Bloomberg News

Vietnam Five-Year Bonds Fall on Speculation Bank Buying to Slow

July 10, 2012

Vietnam’s five-year government bonds fell for a third day, pushing the yield to the highest level this month, on speculation banks will reduce holdings so they can lend more this half. The dong was steady.

The government is targeting 2 percent credit growth per month in the second half, Deputy Prime Minister Nguyen Xuan Phuc said in June. The overnight interbank deposit rate rose for the first time in four days, signaling increased demand for funds in the banking system.

“Banks will be trying to lend money out, so they will have less money to buy bonds,” said Nguyen Tan Thang, head of fixed- income research at Ho Chi Minh City Securities Corp. (HCM)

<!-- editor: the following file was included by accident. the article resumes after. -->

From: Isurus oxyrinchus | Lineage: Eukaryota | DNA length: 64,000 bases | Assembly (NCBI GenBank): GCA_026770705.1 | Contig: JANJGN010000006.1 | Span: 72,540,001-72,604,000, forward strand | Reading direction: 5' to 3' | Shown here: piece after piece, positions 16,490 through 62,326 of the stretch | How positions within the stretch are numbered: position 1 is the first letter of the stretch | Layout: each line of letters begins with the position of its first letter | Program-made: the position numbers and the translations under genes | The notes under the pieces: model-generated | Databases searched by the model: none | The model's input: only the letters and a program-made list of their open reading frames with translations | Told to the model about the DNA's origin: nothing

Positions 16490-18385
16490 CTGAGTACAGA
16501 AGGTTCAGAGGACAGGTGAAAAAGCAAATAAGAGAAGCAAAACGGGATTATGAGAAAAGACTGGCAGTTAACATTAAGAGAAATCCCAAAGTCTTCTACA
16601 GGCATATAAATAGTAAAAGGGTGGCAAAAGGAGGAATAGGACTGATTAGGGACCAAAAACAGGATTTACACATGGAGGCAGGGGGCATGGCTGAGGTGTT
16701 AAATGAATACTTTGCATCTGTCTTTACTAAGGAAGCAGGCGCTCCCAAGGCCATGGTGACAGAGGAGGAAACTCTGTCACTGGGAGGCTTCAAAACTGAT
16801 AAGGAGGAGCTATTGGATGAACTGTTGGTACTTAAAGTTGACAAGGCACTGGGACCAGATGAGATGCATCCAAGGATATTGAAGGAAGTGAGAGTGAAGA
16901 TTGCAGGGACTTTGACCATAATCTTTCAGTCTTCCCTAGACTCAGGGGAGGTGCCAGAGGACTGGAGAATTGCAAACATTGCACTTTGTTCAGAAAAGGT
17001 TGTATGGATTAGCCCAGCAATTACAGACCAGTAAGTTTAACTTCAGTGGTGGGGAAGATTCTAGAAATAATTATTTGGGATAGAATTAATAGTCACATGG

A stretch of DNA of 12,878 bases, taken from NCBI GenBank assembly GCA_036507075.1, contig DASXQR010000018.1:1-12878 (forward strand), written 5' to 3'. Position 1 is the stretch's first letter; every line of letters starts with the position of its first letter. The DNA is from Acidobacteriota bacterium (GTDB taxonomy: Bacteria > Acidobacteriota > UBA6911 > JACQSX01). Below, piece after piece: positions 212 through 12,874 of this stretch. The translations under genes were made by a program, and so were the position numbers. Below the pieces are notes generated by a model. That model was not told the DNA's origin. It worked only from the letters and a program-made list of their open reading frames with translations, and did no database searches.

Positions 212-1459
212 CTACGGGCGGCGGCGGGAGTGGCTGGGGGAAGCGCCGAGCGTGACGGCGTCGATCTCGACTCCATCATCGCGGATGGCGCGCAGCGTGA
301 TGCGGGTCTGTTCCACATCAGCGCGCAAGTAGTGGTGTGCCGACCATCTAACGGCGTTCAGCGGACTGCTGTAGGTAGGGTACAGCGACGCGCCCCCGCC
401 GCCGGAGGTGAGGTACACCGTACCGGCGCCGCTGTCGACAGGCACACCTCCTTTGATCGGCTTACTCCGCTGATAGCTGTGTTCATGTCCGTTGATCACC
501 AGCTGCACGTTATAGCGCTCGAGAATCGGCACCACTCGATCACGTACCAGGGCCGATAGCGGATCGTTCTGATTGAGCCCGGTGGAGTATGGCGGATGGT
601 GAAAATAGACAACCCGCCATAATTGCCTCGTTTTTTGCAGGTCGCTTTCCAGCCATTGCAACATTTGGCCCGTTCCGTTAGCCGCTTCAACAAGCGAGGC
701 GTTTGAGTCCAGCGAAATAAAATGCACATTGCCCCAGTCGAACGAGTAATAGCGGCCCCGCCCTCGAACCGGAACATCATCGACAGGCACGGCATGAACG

The yield on the government’s benchmark five-year bonds rose two basis points, or 0.02 percentage point, to 9.79 percent, according to a daily fixing rate from banks compiled by Bloomberg. That’s the highest level since June 27.

The dong was little changed at 20,880 per dollar as of 3:49 p.m. in Hanoi, according to data compiled by Bloomberg. The State Bank of Vietnam set its reference rate at 20,828, unchanged since Dec. 26, according to its website. The currency is allowed to trade as much as 1 percent on either side of the fixing.

To contact the reporter on this story: Nick Heath in Hanoi at nheath2@bloomberg.net

To contact the editor responsible for this story: Sandy Hendry at shendry@bloomberg.net


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